The U.S. Air Force admits it didn't properly report Devin P. Kelley's history to federal law enforcement. The error is critical because Kelley's violent past may have prevented him from buying guns he used to kill 26 people in a Texas church. Kelley spent 12 months in prison and left the Air Force with a "bad conduct" discharge after harming his wife and child.
Air Force spokeswoman Ann Stefanek said, "Initial information indicates that Kelley’s domestic violence offense was not entered into the National Criminal Information Center database." This omission led to Kelley's passing the background check before he could purchase guns at a firearms retailer.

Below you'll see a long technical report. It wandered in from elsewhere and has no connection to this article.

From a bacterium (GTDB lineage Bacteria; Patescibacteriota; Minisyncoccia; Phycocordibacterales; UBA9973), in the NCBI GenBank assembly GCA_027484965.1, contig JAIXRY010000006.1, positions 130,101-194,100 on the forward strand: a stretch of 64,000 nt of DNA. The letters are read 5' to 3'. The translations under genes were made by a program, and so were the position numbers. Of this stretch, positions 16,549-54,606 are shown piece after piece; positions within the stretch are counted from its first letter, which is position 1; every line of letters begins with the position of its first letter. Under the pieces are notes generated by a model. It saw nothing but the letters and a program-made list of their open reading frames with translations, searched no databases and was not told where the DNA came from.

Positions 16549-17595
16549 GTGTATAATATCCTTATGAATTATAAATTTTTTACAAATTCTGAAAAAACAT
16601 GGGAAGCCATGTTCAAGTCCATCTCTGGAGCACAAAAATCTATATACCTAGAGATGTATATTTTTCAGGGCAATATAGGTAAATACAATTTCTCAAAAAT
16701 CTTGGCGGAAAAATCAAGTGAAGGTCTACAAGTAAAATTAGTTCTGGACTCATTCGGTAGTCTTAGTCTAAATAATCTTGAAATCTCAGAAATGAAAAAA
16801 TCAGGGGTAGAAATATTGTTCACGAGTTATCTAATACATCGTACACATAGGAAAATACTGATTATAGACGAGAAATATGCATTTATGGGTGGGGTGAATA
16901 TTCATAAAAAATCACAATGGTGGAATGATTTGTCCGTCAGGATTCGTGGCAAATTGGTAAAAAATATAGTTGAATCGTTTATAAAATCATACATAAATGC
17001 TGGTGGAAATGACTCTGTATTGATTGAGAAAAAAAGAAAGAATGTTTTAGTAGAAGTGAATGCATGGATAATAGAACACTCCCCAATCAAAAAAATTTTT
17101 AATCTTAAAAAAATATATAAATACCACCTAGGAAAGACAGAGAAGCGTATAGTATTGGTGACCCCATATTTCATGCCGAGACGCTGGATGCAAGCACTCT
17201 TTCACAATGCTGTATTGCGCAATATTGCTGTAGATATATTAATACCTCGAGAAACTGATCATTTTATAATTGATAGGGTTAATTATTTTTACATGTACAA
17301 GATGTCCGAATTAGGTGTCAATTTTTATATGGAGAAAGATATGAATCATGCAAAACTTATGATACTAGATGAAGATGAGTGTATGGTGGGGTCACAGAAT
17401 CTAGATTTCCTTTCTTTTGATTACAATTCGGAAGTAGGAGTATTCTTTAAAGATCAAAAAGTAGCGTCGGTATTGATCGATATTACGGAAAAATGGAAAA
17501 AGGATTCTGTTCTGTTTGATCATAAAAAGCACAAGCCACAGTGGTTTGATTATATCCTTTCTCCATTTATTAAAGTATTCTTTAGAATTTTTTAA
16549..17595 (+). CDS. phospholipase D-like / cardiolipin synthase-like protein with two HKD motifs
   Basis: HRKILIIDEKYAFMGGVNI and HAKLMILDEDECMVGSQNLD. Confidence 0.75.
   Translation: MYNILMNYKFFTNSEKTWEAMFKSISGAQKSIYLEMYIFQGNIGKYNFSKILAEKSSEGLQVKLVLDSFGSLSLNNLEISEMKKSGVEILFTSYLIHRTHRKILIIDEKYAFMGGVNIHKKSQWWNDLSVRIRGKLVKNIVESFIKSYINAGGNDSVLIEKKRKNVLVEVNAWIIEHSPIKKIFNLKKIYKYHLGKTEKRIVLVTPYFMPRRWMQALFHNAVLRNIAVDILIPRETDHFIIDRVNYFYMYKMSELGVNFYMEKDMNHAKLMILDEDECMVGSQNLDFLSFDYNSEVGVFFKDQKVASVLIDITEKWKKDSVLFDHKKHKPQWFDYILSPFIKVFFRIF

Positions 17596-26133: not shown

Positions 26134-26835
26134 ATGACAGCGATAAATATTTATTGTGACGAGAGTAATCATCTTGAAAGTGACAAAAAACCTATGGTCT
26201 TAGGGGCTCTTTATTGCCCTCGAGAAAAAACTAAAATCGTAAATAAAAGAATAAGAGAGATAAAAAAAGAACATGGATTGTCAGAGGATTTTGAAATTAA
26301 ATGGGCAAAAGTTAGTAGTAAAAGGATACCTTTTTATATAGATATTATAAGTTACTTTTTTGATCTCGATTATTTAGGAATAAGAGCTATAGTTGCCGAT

Of course, the incident raises bigger questions about how often relevant background information is not reported about former service members. U.S. Air Force Sec. Heather Wilson appeared on MSNBC's Squawk Box to admit the failings during a televised interview. When asked whether she was concerned about possible liability from victims' families, she said, "No, I'm more interested in responsibility. And we've taken responsibility, and we're going to find out what happened and fix it.
- The Air Force has readily admitted a critical failing, which could have led to 26 deaths. Why would the organization choose this disclosure?
- Describe how Wilson is demonstrating vulnerability. What are the potential downsides?